Twain's View of the River in The Adventures of Huckleberry Finn

Essay by Dumbblonde014High School, 10th gradeA, November 2004

download word file, 2 pages 4.0

Downloaded 21 times

People often view nature as a peaceful place or a place of rest. They can escape to nature when they want to get away from civilization. This occurs in the novel The Adventures of Huckleberry Finn, written by American author Mark Twain and published in 1884. The majority of the book takes place on the Mississippi River and other places in nature during the mid 1800's. The river represents peace, serenity, and an escape from society.

All events occurring on the river relate to peacefulness and freedom. The river serves as a place where Huck and Jim do not have to worry and they have freedom from their problems. Huck states, "You feel mighty free and easy and comfortable on a raft" (Twain; ch. 18, 117). They do not have to care about others, and they can do as they want. They possess freedom and do not have to disguise themselves on the raft; however, on land they always have to appear disguised as someone else.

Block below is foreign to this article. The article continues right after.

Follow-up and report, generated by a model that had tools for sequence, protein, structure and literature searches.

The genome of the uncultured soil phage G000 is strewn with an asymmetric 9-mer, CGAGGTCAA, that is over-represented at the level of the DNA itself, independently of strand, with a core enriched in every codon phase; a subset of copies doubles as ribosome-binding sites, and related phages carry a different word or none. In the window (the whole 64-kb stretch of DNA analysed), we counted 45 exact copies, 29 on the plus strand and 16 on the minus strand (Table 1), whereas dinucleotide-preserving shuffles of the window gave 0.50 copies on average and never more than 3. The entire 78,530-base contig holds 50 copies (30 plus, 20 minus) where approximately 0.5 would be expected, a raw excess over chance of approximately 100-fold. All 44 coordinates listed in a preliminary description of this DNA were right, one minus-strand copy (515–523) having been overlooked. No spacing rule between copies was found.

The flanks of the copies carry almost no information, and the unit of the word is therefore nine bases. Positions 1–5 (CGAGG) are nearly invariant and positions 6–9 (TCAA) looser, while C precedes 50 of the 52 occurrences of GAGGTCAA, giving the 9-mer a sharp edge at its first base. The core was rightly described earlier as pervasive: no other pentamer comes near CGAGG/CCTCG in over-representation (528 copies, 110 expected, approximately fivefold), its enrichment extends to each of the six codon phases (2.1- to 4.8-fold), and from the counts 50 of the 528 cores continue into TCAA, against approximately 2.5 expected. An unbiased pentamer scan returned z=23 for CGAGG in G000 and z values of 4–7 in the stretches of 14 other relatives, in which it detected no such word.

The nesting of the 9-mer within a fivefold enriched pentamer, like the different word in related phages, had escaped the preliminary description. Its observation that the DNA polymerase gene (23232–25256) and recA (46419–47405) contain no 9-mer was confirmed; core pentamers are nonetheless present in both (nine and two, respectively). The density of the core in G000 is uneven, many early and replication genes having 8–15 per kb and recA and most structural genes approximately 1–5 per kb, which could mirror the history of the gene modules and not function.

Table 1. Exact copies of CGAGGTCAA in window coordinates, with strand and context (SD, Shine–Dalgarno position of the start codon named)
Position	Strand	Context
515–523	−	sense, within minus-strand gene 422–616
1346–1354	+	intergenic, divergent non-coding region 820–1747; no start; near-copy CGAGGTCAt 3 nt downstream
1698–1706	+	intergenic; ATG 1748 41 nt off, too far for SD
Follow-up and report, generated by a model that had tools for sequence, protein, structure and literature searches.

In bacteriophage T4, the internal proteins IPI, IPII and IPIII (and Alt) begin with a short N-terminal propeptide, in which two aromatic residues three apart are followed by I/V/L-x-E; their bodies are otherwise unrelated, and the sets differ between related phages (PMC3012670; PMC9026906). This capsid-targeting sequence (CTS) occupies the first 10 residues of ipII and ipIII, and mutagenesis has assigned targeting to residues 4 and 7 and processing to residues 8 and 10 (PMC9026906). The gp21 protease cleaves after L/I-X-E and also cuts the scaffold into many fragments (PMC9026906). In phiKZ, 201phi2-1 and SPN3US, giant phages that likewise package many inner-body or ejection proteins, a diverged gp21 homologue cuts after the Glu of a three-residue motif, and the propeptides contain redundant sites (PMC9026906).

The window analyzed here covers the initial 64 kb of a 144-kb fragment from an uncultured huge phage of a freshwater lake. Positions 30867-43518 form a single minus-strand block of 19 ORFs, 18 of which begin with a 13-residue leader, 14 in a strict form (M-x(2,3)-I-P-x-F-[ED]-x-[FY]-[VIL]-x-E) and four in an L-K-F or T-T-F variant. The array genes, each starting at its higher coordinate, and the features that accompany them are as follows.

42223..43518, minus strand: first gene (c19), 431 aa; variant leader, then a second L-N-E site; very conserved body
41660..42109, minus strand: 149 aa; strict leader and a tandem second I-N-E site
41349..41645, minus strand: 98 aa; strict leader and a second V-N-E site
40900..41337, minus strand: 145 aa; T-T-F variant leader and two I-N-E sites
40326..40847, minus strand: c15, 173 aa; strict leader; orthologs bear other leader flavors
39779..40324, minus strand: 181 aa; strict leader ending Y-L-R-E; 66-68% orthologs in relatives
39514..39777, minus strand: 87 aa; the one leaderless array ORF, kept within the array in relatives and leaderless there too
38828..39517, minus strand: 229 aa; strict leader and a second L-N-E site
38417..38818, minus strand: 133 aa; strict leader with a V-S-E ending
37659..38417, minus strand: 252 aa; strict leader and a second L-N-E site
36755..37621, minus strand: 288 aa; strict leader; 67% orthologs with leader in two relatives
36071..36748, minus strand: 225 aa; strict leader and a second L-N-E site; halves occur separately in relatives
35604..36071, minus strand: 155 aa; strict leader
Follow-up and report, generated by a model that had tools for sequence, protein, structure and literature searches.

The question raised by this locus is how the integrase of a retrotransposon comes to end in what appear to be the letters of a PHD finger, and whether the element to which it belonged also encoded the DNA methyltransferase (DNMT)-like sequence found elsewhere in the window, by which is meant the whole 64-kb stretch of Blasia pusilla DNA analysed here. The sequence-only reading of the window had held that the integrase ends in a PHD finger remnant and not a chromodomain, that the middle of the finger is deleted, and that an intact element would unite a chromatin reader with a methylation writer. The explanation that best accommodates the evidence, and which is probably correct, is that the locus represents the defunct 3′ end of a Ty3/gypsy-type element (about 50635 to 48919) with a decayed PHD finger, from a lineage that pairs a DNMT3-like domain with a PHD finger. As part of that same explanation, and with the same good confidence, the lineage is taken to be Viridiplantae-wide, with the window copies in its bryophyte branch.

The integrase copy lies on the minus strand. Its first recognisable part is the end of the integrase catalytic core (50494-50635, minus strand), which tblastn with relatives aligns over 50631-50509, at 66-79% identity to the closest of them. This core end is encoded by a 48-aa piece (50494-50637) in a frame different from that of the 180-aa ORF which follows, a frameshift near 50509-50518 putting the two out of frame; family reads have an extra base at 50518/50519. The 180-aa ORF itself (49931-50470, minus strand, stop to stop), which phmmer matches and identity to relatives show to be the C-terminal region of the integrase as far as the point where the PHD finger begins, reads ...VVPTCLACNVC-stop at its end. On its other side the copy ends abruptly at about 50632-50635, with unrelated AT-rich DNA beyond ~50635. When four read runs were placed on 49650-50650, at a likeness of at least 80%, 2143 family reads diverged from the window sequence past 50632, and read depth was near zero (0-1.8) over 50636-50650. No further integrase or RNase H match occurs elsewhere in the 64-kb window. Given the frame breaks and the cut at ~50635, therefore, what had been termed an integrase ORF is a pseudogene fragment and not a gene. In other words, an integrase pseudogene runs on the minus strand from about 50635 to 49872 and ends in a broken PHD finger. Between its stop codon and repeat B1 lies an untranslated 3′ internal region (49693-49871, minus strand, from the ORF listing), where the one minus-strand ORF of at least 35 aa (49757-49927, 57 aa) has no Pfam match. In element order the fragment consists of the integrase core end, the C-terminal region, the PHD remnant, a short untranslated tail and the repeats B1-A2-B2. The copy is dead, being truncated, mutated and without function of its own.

The river also represents a place where they could have fun. On the river, they "was feeling pretty good, after breakfast, and took my canoe and went over the river a fishing, with a lunch, and had a good time..." (ch. 40; 271). While on land, they work; although on the river, they can relax and enjoy themselves. Huck describes the river as peaceful and serene but also

somewhat somber. He also describes the journey as "kind of solemn, drifting down the big, still river..." (ch. 12; 65). At first, they feel lonely with only each other to talk to. Later on, they make the trip fun by running from adventures on land. While on the river, they experienced peacefulness, serenity, loneliness, and freedom.

Huck and Jim use the river as an escape...